Thursday, August 31, 2017

Relativism is a False Humbug Religion

In the history of religion primitive experience gives way to mythical religions which are superseded in three ways: mysticism (based on firsthand experience with the divine), monotheism (based on a divine call), and enlightenment (based on reason).

"Even the third of the entities we found, which we called 'enlightenment', referring to the move to an attitude based on a strictly rationalistic conception of reality, has its own absolute value: the absolute value of rational ('scientific') knowledge. When science becomes the dominant element in a view of the world (and this is just what we mean by 'enlightenment' here), this absolute value becomes exclusive; it develops into the theory that scientific knowledge is the only valid knowledge and becomes a denial of the absolute value of religion, which is in itself on a different level of reality. In that case, the believer, or even someone who practices religion, will have to point to the limitations of this absolute claim. It moves within the limits of certain categories, within which it is strictly valid; but to maintain that it is only within these categories that man can know anything at all is an unfounded presupposition, which in any case is shown by experience to be untrue. But we must bear in mind that this third way is only indirectly involved in a decision about religion; the real questions concerning relations between religions arise between the first and the second way ('mysticism' and 'monotheistic revolution')."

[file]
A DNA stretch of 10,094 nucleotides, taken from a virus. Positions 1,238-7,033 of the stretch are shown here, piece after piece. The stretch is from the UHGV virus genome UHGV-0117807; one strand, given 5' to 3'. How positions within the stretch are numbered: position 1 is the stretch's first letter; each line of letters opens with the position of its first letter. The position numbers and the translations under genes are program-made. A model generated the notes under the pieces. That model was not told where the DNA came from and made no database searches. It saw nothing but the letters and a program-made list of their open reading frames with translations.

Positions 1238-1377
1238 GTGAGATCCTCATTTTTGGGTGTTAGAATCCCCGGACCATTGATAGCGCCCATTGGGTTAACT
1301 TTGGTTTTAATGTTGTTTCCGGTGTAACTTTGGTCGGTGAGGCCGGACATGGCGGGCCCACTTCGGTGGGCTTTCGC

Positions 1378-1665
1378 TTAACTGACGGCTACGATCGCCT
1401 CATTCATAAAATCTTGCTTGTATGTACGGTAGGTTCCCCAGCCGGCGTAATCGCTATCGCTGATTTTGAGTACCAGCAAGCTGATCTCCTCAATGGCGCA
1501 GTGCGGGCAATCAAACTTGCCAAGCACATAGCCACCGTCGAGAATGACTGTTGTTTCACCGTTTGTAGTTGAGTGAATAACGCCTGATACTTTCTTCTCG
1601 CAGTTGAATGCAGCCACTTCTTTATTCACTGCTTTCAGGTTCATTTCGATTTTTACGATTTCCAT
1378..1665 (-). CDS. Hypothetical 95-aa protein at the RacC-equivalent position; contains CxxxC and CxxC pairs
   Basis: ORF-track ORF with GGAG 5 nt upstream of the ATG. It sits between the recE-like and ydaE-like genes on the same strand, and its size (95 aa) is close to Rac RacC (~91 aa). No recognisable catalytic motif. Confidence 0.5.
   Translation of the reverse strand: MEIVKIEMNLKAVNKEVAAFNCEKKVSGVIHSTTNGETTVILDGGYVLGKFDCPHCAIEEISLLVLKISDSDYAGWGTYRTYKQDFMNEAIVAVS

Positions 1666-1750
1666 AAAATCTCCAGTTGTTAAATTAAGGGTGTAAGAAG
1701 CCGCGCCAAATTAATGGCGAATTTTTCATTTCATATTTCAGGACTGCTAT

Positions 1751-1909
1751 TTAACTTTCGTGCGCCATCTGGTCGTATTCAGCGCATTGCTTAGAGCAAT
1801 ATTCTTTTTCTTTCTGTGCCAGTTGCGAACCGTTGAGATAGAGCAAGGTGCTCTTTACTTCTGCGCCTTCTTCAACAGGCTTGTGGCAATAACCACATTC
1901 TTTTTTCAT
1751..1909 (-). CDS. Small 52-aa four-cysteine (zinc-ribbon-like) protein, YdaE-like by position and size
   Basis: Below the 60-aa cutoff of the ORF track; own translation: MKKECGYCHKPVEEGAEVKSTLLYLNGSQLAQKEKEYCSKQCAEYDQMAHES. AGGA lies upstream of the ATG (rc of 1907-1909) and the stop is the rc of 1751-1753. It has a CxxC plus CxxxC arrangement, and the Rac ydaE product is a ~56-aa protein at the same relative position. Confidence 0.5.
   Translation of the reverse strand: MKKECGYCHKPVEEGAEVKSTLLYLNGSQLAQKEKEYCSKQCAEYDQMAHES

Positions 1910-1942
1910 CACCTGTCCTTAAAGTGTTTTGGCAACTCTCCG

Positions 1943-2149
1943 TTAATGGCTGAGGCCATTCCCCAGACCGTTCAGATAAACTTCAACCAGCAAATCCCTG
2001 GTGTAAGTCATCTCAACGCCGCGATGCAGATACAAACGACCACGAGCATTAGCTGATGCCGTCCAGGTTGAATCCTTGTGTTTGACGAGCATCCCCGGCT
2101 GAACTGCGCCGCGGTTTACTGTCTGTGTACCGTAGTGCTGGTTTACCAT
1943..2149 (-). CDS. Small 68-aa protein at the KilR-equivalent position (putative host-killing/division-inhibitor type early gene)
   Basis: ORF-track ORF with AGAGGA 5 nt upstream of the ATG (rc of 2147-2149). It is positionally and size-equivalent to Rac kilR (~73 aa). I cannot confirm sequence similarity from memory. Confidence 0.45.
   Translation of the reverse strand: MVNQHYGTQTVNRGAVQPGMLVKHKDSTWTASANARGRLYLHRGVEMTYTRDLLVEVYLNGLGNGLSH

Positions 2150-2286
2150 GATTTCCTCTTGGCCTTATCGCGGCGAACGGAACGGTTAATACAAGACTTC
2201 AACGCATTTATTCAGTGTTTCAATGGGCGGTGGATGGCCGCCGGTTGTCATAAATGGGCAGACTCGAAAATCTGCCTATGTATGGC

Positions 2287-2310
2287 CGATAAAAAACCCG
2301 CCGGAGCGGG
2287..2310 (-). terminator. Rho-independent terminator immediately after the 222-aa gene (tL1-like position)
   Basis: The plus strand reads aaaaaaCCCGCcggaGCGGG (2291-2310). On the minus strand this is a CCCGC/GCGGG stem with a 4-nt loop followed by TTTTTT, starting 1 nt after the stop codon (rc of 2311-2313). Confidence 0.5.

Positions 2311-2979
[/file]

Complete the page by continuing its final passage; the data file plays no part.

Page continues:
Truth and Tolerance, Joseph Ratzinger, San Francisco: Ignatius Press, 2004, 31-32.

Cf. We Are All Learners: "Faith Cannot be Presupposed!"
Freedom Comes From Truth, Michael Novak 1994 Prize Lecture

Wednesday, August 30, 2017

"A Moment of Silence" Prayer Cannot Include Everyone

Because some people are praying for god (or the devil as the case may be) to kill and destroy us and to show and enable them to do the same, for example.

Not all religion is benign! Not all prayer is good. It depends on the content and the direction (to whom it is oriented and for what purpose). The Church does not sanction every prayer, even every internal prayer. Some people actually worship the devil.

Some prayer is bad, and some may be at least banal. It is an sacrilege, therefore, to open up the prayer of the faithful: "and for the prayers which we hold in the silence of our hearts,...Lord hear our prayer." People might be praying for every manner of evil, in collusion with the devil. The Church cannot join her prayer and worship to that.

The Church, in her prayer, e.g. the Pater Noster, is very specific for what and to Whom she prays. She is not vague, ambiguous or sloppy in her intention or in her orientation. Her prayer does not include everything, only what is good, and right and true, and she makes that explicit, through Jesus Christ our Lord!

"We can pray with each other only if we are agreed who or what God is and if there is therefore basic agreement as to what praying is: a process of dialogue in which I talk to a God who is able to hear and take notice. To put it another way: shared prayer presumes a shared understanding of the addressee and thus likewise of the inner action directed toward him."
Truth and Tolerance, Joseph Ratzinger, San Francisco: Ignatius, 2004, 108.

Tuesday, August 29, 2017

A German Shepherd: January 2013 Italian Documentary on Papa Ratzinger by Lucio Brunelli

With Andrea Tornielli and Sandro Magister, et alia.

Monday, August 28, 2017

Biblical Realism and Why the Catechism of the Catholic Church Excluded the Exegetes